“What strikes me about snooker and tennis is that you must be quiet at certain times,” he continues. “What Murray developed, and what we have all followed, is we talk the whole time – and it’s not always the same in other countries. I know that drives some people mad. In tennis I love the silence, but in motor sport I feel you need explanation of what we’re watching because it’s not as simple as hitting a ball or a ball going into a pocket. In some sports the real skill is knowing when to shut up, but I’m not sure in motor sport it fits.
“The only time I do feel it is good to shut up is if the race has settled, not a lot is happening and they show a good onboard. Then I do agree it’s good to shut up. That is one of the rare times. The trouble is with modern F1 coverage they are so good at following where the action is, it doesn’t happen often.”
Edwards has experienced F1 broadcasting from different extremes. At Eurosport, he and co-commentator John Watson travelled to all the races without a production team and pitched up at a commentary box usually pre-prepared for them. Then at the BBC and Channel 4 he was part of big teams delivering the three-part live coverage we’re all so familiar with, including the set-piece pre- and post-race shows. In recent times he’s been forced to adapt to Channel 4’s smaller scale highlights package, and this year the biggest change of all because of the restrictions F1 had to operate under. He admits the challenges of Covid have been an “influence” on his decision, even if the pandemic wasn’t the deciding factor.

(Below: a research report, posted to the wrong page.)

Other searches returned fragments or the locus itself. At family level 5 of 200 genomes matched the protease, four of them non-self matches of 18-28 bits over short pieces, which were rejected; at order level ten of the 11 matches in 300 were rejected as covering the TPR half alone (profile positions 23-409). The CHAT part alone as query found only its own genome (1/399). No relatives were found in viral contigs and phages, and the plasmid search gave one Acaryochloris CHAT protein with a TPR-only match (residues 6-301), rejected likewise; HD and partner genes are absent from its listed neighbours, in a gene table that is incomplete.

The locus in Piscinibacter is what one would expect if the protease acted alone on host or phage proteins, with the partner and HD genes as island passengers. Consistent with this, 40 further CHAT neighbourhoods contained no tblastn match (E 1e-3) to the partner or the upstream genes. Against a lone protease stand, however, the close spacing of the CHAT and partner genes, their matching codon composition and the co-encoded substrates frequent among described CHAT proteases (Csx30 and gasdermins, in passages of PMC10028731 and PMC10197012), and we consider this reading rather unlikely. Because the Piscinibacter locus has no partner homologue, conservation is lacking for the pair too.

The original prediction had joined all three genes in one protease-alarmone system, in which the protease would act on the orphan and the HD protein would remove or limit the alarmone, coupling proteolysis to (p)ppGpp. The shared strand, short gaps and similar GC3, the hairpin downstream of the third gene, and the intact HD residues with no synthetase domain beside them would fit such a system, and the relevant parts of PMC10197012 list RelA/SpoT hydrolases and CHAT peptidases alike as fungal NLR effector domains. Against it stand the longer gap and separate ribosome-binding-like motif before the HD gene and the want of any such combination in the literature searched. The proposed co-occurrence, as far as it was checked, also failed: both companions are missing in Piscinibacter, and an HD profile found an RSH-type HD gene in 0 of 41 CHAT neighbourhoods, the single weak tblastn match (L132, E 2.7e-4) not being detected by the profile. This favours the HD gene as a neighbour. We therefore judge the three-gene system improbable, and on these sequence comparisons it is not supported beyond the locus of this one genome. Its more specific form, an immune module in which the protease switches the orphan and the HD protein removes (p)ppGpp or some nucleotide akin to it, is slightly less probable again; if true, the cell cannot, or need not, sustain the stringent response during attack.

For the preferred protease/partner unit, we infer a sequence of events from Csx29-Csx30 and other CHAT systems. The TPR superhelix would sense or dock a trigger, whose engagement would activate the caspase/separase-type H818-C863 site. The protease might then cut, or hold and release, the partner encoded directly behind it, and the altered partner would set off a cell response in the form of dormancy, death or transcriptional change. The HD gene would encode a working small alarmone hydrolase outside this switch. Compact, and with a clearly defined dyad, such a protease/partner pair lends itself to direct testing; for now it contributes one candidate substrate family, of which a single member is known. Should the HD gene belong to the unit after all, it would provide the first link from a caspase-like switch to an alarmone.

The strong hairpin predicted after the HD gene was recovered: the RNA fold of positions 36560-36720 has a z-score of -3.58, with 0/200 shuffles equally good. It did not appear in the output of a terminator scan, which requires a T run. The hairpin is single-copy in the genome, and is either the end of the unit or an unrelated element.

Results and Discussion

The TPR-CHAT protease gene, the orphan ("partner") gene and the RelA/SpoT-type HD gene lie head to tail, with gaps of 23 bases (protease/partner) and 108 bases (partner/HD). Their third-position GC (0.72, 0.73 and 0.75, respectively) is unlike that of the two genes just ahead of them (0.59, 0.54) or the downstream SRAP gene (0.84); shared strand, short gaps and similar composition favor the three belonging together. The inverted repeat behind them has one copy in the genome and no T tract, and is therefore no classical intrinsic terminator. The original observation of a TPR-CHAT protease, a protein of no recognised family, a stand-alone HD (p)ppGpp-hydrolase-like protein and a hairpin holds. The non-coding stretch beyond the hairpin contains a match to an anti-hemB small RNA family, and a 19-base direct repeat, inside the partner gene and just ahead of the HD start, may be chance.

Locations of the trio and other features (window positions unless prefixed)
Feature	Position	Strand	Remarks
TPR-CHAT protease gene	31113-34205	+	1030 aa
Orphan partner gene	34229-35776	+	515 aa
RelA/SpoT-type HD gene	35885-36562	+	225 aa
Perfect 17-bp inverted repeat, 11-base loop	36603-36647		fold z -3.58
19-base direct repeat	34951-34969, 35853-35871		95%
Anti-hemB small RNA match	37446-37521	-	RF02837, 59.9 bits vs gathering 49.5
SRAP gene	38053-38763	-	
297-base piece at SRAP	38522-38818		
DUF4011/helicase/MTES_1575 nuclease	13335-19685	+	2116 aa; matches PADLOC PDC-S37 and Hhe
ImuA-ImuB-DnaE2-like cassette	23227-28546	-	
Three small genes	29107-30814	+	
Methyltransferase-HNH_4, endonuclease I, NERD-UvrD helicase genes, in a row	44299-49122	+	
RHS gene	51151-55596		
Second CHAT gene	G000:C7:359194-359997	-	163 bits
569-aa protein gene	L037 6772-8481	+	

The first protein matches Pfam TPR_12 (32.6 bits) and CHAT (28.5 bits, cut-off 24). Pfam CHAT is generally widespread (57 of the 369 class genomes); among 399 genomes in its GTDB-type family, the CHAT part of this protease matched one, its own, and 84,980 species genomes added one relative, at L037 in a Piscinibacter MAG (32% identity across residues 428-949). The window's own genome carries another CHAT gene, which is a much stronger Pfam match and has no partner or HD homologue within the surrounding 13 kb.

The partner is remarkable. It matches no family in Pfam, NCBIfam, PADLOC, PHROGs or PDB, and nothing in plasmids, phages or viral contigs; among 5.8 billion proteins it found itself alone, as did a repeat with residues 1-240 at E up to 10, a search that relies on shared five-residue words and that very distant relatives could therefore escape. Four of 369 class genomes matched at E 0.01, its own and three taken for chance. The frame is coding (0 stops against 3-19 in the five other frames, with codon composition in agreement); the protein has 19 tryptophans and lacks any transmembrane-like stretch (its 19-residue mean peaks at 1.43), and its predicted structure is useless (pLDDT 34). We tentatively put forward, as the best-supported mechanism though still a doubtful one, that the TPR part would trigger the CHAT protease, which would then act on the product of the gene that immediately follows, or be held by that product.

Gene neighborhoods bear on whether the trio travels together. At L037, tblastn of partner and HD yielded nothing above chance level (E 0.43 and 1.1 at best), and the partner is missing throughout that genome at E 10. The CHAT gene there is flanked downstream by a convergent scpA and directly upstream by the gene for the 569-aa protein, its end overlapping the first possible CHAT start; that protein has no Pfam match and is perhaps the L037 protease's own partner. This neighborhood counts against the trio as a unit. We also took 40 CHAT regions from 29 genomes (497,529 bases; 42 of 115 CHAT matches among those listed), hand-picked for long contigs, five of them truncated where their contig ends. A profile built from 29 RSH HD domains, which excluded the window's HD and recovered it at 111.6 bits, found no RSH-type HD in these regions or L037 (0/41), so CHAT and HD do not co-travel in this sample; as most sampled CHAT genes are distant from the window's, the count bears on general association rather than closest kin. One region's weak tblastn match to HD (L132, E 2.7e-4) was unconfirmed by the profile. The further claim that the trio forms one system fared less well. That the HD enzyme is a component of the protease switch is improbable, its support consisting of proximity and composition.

“I have to say this year has been a big one for me,” he says of the memories he will carry into the next phase of his life. “Commentating on Lewis Hamilton equalling Michael Schumacher’s win record at the Nürburgring felt pretty special, as did commentating on him getting that seventh title in Turkey too, especially in those conditions. He drove a remarkable race that day.”
Others include the climax of his first season at the Beeb in 2012 when Sebastian Vettel beat Fernando Alonso to the title in Brazil after incurring damage on the first lap. Then there are other “key moments”: Ben was on the mic for IndyCar when Alex Zanardi lost his legs at the Lausitzring in 2001, and when Greg Moore lost his life at the California Speedway in 1999. You don’t forget “powerful and moving” times such as these.
So what is next? Other than a few more outings in his Van Diemen RF92 Formula Ford, Ben doesn’t have a grand plan. Naturally, it will be odd for him when Channel 4’s new ‘voice’, Alex Jacques, picks up the mic in Australia next March, but it’s highly unlikely we’ve heard the last of Ben. “I want to look around, see what opportunities are out there,” he says. “I’d like to do a bit more writing, which I enjoy. But I need to step back and see what works for me and my life.”
For someone who captures moments of drama so vividly, Ben has long been the quiet man of TV broadcasting in motor sport – which, combined with his unrivalled knowledge of the sport he loves so dearly, has earnt him towering respect and admiration, both in paddocks and UK sitting rooms. Channel 4 and F1 will miss him, and so will we.